The installer was excellent and explained all about the cat fence to me. He did some indoor training with myself and Figaro which allows Figaro to learn about the “no go zone” before using it in the garden. After 20 minutes Figaro knew what the beep meant and he was no longer entering the “no go Zone”. We had to keep indoors for a few days to ensure that he really knew how the cat fence worked.

The gentleman explained that cats are very intelligent and pick things up quickly and that I would need to use Flags in my garden for the first few weeks to mark out the “no go zone” but could take them out once he fully understood.

cat fence training for containment fence is carried out inside using indoor unit.

Cat in training.

It’s been 4 years now since our Cat Fence has been installed and I am able to relax Knowing that Figaro will always be home for dinner. As I type this I can see him out of the window, happily hunting the mice in the sun and enjoying his freedom whilst being safely contained in his haven.

Thank You Cat Fence!

electric dog fences work for all breeds of dogs large or small

Are electric dog fences cruel?

You’ve heard about electric dog fences and are either intrigued, appalled or desperate to know more!  Surely an electric dog fence cannot be humane? Why does anyone need electricity to keep a dog in? Electric dog fences, wireless dog fences, containment fences why do I need one?

Dogs are playful, energetic animals with boundless curiosity. Naturally they require plenty of exercise and are often given the freedom by their owners to roam around a large garden in the fresh air. However, some dogs choose to push the boundaries of their freedom by attempting to escape. It maybe that they are after visiting another dog down the street, a game farm, livestock or even next door’s chickens.  All different scenarios necessitating the installation of a good fence to keep the dog safe and at home.

Electric dog fence transmitter and receiver

The boundary wire starts and finishes at the transmitter box.

 So What are electric dog fences?

Firstly, the name is a red herring. An electric dog fence is not an electric fence. An electric dog fence is actually an electronic fence but are referred to as electric fences. It’s a System that uses a central transmitter which is linked the boundary cable and computer collar worn by the pet.

Electric dog fences generally come in two forms: wired or wireless dog fences. A wired fence is pretty much exactly what it sounds like – a physical perimeter created around your garden by a wire, the route of which is determined by you or the company who install it.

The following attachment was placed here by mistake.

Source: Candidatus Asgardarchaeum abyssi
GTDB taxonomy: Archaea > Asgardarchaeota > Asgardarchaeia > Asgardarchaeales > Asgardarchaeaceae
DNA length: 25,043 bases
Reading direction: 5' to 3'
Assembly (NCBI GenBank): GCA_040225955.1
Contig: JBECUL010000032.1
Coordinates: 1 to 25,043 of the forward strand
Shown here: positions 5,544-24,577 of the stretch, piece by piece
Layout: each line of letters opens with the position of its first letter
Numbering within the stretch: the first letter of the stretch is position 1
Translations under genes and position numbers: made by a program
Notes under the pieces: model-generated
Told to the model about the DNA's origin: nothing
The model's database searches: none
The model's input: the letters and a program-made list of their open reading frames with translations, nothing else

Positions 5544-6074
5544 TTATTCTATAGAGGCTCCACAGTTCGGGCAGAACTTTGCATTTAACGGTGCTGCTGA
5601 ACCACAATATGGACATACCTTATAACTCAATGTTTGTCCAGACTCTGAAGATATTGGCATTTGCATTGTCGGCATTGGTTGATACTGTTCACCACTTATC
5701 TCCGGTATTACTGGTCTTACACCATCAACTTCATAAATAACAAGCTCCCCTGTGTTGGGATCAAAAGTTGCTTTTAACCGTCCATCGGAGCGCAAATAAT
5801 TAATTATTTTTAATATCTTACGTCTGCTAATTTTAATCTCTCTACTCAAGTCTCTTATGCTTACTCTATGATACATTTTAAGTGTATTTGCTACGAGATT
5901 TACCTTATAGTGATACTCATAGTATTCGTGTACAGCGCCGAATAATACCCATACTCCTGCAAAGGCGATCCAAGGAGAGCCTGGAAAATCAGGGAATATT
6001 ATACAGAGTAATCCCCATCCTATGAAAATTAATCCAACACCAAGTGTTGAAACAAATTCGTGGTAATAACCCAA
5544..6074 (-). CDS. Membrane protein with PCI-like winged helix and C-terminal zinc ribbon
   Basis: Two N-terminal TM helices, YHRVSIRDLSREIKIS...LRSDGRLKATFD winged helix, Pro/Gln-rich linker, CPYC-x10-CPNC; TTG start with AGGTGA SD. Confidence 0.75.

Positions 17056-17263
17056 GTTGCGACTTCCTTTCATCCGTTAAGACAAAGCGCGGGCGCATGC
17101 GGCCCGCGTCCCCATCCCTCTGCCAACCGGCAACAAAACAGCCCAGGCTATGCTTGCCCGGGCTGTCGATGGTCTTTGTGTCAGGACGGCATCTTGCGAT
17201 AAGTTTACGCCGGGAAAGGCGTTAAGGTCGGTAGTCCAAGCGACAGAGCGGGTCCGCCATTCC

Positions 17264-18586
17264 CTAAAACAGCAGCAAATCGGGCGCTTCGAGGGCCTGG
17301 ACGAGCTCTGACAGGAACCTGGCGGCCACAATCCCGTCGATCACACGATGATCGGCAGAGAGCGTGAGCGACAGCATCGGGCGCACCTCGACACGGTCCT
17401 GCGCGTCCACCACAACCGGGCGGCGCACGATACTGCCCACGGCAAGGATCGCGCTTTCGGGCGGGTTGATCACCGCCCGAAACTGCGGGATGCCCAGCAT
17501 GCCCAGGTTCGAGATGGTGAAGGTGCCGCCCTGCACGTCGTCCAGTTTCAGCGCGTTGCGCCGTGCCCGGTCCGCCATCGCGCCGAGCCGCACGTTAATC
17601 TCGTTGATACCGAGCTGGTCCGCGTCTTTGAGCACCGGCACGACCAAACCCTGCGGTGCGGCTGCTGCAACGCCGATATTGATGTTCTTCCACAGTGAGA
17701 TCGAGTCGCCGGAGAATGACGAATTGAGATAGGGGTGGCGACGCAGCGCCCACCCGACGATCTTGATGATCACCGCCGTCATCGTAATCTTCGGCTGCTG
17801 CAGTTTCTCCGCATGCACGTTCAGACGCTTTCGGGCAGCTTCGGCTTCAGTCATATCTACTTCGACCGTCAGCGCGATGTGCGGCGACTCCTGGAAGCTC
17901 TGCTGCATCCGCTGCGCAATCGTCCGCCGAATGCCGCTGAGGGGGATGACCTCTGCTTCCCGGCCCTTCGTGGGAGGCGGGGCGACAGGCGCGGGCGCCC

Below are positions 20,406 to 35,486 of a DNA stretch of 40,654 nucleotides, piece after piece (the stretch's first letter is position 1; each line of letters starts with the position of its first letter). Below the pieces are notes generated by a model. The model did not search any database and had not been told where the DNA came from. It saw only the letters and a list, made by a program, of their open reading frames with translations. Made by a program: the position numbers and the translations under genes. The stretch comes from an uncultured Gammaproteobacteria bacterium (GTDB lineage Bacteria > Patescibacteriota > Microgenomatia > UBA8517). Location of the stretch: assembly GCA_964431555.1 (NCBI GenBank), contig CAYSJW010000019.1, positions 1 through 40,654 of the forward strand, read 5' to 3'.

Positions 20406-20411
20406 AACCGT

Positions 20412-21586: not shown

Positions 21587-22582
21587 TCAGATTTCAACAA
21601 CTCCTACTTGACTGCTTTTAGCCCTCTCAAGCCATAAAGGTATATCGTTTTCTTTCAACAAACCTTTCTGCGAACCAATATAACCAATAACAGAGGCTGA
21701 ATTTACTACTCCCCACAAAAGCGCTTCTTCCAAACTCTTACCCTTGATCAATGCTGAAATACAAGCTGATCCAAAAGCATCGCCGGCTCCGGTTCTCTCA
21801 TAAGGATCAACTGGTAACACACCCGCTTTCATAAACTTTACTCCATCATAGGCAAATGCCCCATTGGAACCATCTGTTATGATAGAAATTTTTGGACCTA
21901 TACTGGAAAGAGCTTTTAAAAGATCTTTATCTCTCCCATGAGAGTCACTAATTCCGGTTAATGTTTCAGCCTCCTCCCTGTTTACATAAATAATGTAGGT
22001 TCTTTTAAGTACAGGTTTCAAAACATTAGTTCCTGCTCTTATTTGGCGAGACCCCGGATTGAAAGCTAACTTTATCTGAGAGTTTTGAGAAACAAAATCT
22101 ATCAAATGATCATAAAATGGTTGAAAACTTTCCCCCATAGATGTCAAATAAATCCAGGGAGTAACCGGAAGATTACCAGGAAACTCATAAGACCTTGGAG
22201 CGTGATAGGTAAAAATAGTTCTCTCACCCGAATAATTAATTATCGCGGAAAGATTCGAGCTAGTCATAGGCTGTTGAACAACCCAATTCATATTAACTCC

A wired electric dog fence is relatively quick to install, and involves installing a boundary wire around the boundary. Ideally the wire should be buried a few inches below the ground to avoid damage. The main criteria is that the cable must start and finish at the main base station to complete a circuit.

Wireless dog fences dog not have the flexibility of the wired systems as they are really only suitable for very flat open properties. Wired fences send out a signal from a central base station and create a circular zone around the property. They require a clean line of sight so are not suitable for properties with buildings or trees that will shield the signal. Similarly, properties on steps or slopes are not suitable for wireless dog fences.

Wired electric dog fences are often seen as a more practical than their wireless counterparts as they can extend right to the perimeter of your property, whereas wireless systems have limited reach. You can also dictate the exact shape of the wired electric fence and create ‘out of bounds’ zones for your dog, which is a major bonus.

How do they work to keep the dog in?

The boundary wire acts as an antenna and carries a radio signal around the boundary. The dog or cat wears a small computer receiver collar. A “no go zone” is set around the boundary. As the pet enters the zone the collar wakes up and alerts the pet with a warning beep. If the pet continues further the collar gives out a static impulse. The impulse is harmless and is set by the trainer according to the dog or cats personality, age and breed. It is not a one size fits all but bespoke for each pet.

The question is, however, are these fences humane for your dog?

Are electric dog fences cruel?